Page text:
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Forthcoming articles
  1. Hillel D. Braude (forthcoming). Eric J Cassell: The Nature of Clinical Medicine: The Return of the Clinician. Theoretical Medicine and Bioethics:1-3.
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  2. Luciana Caenazzo (forthcoming). Norbert Konrad, Birgit Völlm and, David N. Weisstub : Ethical Issues in Prison Psychiatry. Theoretical Medicine and Bioethics:1-2.
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  3. Patrick Daly (forthcoming). Palliative Sedation, Foregoing Life-Sustaining Treatment, and Aid-in-Dying: What is the Difference? Theoretical Medicine and Bioethics:1-17.
    After a review of terminology, I identify—in addition to Margaret Battin’s list of five primary arguments for and against aid-in-dying—the argument from functional equivalence as another primary argument. I introduce a novel way to approach this argument based on Bernard Lonergan’s generalized empirical method . Then I proceed on the basis of GEM to distinguish palliative sedation, palliative sedation to unconsciousness when prognosis is less than two weeks, and foregoing life-sustaining treatment from aid-in-dying. I conclude that aid-in-dying must be justified (...)
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  4. Élodie Giroux (forthcoming). Epidemiology and the Bio-Statistical Theory of Disease: A Challenging Perspective. Theoretical Medicine and Bioethics:1-21.
    Christopher Boorse’s bio-statistical theory of health and disease argues that the central discipline on which theoretical medicine relies is physiology. His theory has been much discussed but little has been said about its focus on physiology or, conversely, about the role that other biomedical disciplines may play in establishing a theoretical concept of health. Since at least the 1950s, epidemiology has gained in strength and legitimacy as an independent medical science that contributes to our knowledge of health and disease. Indeed, (...)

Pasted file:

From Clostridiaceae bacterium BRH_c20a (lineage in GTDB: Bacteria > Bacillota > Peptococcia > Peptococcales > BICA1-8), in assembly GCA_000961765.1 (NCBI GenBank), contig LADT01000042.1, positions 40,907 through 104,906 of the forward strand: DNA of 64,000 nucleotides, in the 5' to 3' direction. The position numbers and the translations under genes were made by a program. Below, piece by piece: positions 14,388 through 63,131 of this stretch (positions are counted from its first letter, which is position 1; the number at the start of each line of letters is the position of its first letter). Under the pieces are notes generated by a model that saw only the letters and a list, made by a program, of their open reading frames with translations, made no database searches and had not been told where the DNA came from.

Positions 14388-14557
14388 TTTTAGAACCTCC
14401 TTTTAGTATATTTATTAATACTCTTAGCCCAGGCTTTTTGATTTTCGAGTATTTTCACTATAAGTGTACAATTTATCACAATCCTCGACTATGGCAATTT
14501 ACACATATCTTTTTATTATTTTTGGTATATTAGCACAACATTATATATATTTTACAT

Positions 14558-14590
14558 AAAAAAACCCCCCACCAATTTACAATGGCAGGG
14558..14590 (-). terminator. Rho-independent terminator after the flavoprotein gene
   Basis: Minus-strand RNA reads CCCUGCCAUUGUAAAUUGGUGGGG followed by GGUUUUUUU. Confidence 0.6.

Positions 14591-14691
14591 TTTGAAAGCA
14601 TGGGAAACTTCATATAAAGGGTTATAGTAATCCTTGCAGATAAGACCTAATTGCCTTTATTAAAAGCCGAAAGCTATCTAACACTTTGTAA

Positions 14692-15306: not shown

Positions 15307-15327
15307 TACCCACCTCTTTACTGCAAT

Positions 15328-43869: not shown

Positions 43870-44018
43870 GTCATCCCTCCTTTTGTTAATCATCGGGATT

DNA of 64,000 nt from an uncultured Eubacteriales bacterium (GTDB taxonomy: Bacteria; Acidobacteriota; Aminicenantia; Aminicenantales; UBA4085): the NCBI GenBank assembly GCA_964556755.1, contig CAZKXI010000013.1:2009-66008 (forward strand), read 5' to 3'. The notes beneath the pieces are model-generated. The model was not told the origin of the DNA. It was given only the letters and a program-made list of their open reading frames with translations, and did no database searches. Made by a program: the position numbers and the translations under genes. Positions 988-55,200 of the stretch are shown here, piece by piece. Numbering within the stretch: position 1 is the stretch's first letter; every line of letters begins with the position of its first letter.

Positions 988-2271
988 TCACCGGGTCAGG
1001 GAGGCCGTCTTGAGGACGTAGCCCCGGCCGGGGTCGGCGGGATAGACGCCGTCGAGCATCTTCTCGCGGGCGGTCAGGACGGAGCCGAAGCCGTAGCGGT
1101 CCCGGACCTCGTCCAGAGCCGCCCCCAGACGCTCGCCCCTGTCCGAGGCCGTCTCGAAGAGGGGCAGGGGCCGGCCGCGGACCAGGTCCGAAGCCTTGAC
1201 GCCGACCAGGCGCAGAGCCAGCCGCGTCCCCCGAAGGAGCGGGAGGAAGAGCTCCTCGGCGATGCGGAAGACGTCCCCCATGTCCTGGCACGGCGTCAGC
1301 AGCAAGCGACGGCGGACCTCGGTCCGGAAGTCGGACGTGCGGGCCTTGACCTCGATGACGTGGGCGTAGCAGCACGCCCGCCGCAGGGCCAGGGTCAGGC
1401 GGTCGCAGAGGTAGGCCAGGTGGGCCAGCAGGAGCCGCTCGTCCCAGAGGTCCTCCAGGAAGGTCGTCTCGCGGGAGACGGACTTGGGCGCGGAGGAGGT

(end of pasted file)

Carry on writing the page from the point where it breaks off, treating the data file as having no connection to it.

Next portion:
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  5. Mario Picozzi & Viviana Cislaghi (forthcoming). Keith Wailoo, Julie Livingston, Steven Epstein, Robert Aronowitz : Three Shots at Prevention: The HPV Vaccine and the Politics of Medicine’s Simple Solutions. Theoretical Medicine and Bioethics:1-6.
    In order to fully understand the ethical, cultural, and political debate that moves around the papillomavirus vaccine, a bit of attention has to be paid to its history.In 2006 the first advertisements for Gardasil, the commercial name of the vaccine, started to appear in the United States. Merck pharmaceutical was the main dealer. Their “One Less” campaign was characterized by adolescent girls staring into the camera and saying, “I’m one less,” declaring their intention to be vaccinated against the human papillomavirus, (...)
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  6. Julian Reiss (forthcoming). The Philosophy of Medicine Roundtable 2009. Theoretical Medicine and Bioethics.
     
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  7. Lorenzo Simonato (forthcoming). Niklas Juth, Christian Munthe: The Ethics of Screening in Healthcare and Medicine: Serving Society or Serving the Patient? Theoretical Medicine and Bioethics:1-3.
    The hypothesis that administering a diagnostic test to an asymptomatic population can detect a relevant proportion of prevalent cases in an early phase and therefore improve the chances of curing disease dates back to the sixties and has been tested and applied mainly to neoplastic diseases. Meanwhile, the practice of screening has benefitted from the progress of diagnostic technology and from the development, particularly in Europe, of efficient national health systems.Half a century later, two Swedish researchers, Niklas Juth and Christian (...)
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  8. Nils-Frederic Wagner & Georg Northoff (forthcoming). A Fallacious Jar? The Peculiar Relation Between Descriptive Premises and Normative Conclusions in Neuroethics. Theoretical Medicine and Bioethics:1-21.
    Ethical questions have traditionally been approached through conceptual analysis. Inspired by the rapid advance of modern brain imaging techniques, however, some ethical questions appear in a new light. For example, hotly debated trolley dilemmas have recently been studied by psychologists and neuroscientists alike, arguing that their findings can support or debunk moral intuitions that underlie those dilemmas. Resulting from the wedding of philosophy and neuroscience, neuroethics has emerged as a novel interdisciplinary field that aims at drawing conclusive relationships between neuroscientific (...)
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